Not All Youth Are Inactive

I just finished reading an AlterNet article by Bruce E. Levine entitled “8 Reasons Young Americans Don’t Fight Back: How the US Crushed Youth Resistance.” The 8 reasons are:

“1. Student-Loan Debt … a pacifying force
2. Psychopathologizing and Medicating Noncompliance
3. Schools that Educate for Compliance and Not for Democracy
4. ‘No Child Left Behind’ & ‘Race to the Top’… standardized-testing tyranny that creates fear
5. Shaming Young People Who Take Education – But Not Their Schooling – Seriously
6. The Normalization of Surveillance
7. Television
8. Fundamentalist Religion and Fundamentalist Consumerism.”

I don’t have the space to summarize Levine’s reasoning, but I suspect almost all of my readers can glean what he’s talking about from the titles. And I suspect that like me they will find his points well taken. However, I see an important ninth reason the author did not list. I also think Bruce Levine should have qualified his claim, and, finally, that this passivity should be placed within a larger social context.

I’ll address the last point, first: One might think that the article claims that youth in our country are less active than older adults. I know from reading other things Bruce Levine has written that the author does not believe this, but he doesn’t make this clear. Levine points out that while young people are generally the most active segment in many societies that is not the case in the United States today, but he doesn’t acknowledge that American youth are simply falling in step with social compliance in general.

Second: I think the author should have inserted the word “many” or “most” as the third word in his title. Perhaps my unique position at the Rosenberg Fund for Children gives me a skewed picture because I hear stories of courageous youth action constantly. I am not in position, and neither is anyone else I know, to measure the percentage of young people who seek to engage and change the world, but there are plenty of them out there. From Tim DeChristopher, whose heroic act of civil disobedience when he was 27-years-old saved 130,000 acres of public land from being despoiled by fossil fuel companies, to other young environmental and animal rights activists. From the thousands of students at the University of Puerto Rico who took over their campus for two months at the turn of the year to resist a massive fee increase, to the growing number of young undocumented activists who have spoken up for their human rights. Just read any of our newsletters describing grants to targeted young activists and you’ll learn about many more.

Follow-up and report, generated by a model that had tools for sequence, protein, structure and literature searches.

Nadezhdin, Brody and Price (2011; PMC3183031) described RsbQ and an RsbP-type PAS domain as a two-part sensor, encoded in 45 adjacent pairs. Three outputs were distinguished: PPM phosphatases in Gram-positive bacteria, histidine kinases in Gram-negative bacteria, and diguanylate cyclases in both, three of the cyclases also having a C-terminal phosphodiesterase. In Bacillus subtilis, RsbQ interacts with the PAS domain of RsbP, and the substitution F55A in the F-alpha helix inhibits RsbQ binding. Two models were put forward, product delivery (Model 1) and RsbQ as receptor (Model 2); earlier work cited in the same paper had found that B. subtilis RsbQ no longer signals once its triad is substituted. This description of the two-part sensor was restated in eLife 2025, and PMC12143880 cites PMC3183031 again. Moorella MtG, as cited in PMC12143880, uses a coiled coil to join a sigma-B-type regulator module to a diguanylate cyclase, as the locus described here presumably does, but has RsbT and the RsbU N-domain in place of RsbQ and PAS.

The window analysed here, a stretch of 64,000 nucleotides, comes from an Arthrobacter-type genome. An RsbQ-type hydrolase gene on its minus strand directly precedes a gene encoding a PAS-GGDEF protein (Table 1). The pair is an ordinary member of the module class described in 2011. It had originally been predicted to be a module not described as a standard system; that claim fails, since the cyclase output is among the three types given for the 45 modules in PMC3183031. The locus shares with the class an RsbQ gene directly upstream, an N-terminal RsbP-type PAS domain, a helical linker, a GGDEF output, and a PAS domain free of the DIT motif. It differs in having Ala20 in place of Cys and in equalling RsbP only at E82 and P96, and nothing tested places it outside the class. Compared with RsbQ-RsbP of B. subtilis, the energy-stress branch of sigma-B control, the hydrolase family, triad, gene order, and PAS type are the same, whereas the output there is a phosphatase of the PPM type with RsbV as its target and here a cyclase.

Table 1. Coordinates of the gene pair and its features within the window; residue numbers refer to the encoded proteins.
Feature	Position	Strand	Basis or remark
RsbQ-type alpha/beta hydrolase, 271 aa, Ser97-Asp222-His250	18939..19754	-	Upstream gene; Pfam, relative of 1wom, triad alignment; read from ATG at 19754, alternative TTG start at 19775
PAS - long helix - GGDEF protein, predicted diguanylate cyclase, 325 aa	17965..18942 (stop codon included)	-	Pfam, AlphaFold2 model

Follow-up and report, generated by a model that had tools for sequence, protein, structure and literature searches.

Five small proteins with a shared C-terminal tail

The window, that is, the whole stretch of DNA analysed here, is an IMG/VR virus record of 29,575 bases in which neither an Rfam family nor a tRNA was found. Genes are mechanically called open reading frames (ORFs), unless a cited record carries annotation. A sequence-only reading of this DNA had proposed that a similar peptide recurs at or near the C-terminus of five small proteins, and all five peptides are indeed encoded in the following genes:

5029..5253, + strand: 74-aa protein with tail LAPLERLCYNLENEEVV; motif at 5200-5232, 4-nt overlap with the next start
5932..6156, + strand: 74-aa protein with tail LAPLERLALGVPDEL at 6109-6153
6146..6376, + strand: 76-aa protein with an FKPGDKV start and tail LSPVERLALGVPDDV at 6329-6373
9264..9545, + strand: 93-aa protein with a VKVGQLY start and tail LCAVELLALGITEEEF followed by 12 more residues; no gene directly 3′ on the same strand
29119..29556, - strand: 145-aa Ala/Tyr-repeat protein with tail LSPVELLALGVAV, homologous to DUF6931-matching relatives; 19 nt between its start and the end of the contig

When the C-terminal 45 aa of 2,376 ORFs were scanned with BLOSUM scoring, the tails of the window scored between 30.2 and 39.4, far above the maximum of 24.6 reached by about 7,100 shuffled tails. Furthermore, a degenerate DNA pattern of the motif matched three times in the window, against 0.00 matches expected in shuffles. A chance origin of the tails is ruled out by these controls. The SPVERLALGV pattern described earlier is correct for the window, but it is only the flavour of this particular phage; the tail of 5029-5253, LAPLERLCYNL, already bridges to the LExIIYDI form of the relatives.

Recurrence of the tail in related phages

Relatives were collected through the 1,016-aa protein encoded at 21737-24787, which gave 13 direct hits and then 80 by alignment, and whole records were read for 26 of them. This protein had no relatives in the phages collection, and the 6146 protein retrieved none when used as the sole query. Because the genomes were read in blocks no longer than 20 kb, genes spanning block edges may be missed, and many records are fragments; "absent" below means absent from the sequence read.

But tremendous forces are arrayed against this growing resistance. Reports in the The Nuclear Resister show that arrests at protests are increasing each year. Over 2600 people have been arrested in the United States at demonstrations since Obama took office: 665 in 2009, 1290 in 2010, and a total that likely will top 1600 this year. These statistics illuminate the missing ninth reason - a repressive counter-attack that seeks to pacify both young and old.

The prosecution in Tim DeChristopher's case, (which ended with the young activist being sent to prison for two years), recommended a harsh sentence that would act as a deterrent to others. The escalating jail terms handed out to young and old for symbolic civil disobedience at the annual School of the America’s demonstration also attests to this trend. The young environmentalist defendants in the “Green Scare” cases, and animal rights activists, have been given multi-year and even multi-decade “terror-enhanced” sentences for the “crime” of organizing, and for engaging in property damage offenses. The University of Puerto Rico students were gassed, beaten, placed in choke holds and sexually assaulted for their peaceful protests. And undocumented youth who speak up are experiencing an avalanche of physical intimidation and hate mail, plus the threat of deportation to lands they left as infants.

My point is not to criticize Bruce Levine’s article. It is a good piece that provides a service by helping us all to understand the reasons behind many young people’s acquiescence, and I believe his goal in disseminating this information is to overcome that inaction. My objective is to supplement what he wrote, as well as to reiterate what I’ve written elsewhere. Rather than bemoan the inactivity of the current generation lets get behind ALL who are active, both young and old.

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Comments

Great post, Robby. I thought the same thing when I read Levine's article.
Dan C.

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